Iran @ Brookings

  • Iran at Brookings

    Iran Nuclear Talks: For Europe, Roll-Over Is Better than Game Over

    Iranian Foreign Minister Javad Zarif and EU envoy Catherine Ashton address a news conference after a meeting in Vienna (REUTERS/Leonhard Foeger).

    Riccardo Alcaro argues that while Europe does not want a nuclear deal with Iran at any cost, the Europeans are the most determined of all the parties involved with the talks to seek a negotiated resolution. The decision earlier this week to extend the terms of the interim nuclear accord with Iran is the second-best option for the international community and particularly for Europe.

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    After the Elections: Tunisia’s Political Future

    Tunisians cast their votes at a polling station during Tunisia's presidential election in Sousse (REUTERS/Anis Mili).

    Tunisian elections produced losses for the Islamist Ennahda party in parliament and a likely run-off between secular party candidate Beji Caid Essebsi and Moncef Marzouki, the interim president. Brookings convened a roundtable of experts to discuss the country’s political future and ways the United States could help consolidate Tunisia’s political, economic, and security stability.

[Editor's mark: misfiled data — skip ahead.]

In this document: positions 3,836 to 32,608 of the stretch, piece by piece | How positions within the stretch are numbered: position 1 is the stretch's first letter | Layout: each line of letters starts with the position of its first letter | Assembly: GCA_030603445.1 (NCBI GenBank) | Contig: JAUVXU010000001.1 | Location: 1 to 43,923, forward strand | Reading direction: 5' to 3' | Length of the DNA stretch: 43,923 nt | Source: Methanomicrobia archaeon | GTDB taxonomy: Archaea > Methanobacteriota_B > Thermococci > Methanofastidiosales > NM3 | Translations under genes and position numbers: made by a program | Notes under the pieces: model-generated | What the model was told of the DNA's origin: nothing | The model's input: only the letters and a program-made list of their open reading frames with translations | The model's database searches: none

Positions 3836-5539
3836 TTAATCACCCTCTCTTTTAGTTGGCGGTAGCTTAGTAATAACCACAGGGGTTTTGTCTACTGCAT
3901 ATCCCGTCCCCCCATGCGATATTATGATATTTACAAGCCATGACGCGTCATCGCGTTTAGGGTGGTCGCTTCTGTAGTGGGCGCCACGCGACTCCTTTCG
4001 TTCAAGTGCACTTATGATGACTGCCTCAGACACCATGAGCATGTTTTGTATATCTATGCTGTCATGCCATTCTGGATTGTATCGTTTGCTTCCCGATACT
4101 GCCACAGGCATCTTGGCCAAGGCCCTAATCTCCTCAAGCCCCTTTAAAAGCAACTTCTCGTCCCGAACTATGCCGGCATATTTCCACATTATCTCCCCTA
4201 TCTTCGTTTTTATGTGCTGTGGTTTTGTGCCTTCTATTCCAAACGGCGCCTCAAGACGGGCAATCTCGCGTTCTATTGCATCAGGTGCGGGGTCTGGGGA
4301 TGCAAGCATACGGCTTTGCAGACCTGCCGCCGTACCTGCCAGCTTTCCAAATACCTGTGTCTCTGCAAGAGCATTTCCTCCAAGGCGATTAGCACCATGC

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    Violence in Jerusalem and the Future of the Two-State Solution

    As tensions continue to escalate in Jerusalem, Tamara Cofman Wittes, director of the Center for Middle East Policy moderated a discussion with fellows Natan Sachs and Khaled Elgindy, examining the underlying reasons behind the troubling spate of violence, and exploring the future of the two-state solution.

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    For the Iranian Nuclear Talks, a Deadline Reveals a Deadlock

    U.S. Secretary of State John Kerry (R), Iranian Foreign Minister Javad Zarif (L) and EU envoy Catherine Ashton pose for photographers before a meeting in Vienna (REUTERS/Leonhard Foeger).

    The decision to extend the Iranian nuclear talks for an additional seven months gives the hard-won negotiating process some breathing room, but it does not offer a real solution to the fundamental impediment to a comprehensive deal, Tehran’s unwillingness to compromise on the central dimensions of its nuclear activities. After a year of intensive, high-level diplomacy, the continuing failure to find a mutually agreeable formula for resolving the central issues at stake raises doubts about whether the protracted impasse is indeed reconcilable. Call it what it is — a deadlock, perhaps even an intractable one.

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    Iranian Press Week in Review

    U.S. Secretary of State John Kerry (R), Iranian Foreign Minister Javad Zarif (L) and EU envoy Catherine Ashton arrive for a meeting in Vienna (REUTERS/Leonhard Foeger).

    Iranian Foreign Minister Mohammed Javad Zarif remained in Vienna for multilateral nuclear negotiations, Oil Minister Bijan Zangeneh predicted the doubling of Iran’s oil exports if sanctions are lifted, and the the price of the U.S. dollar in Tehran fell last week.  Read More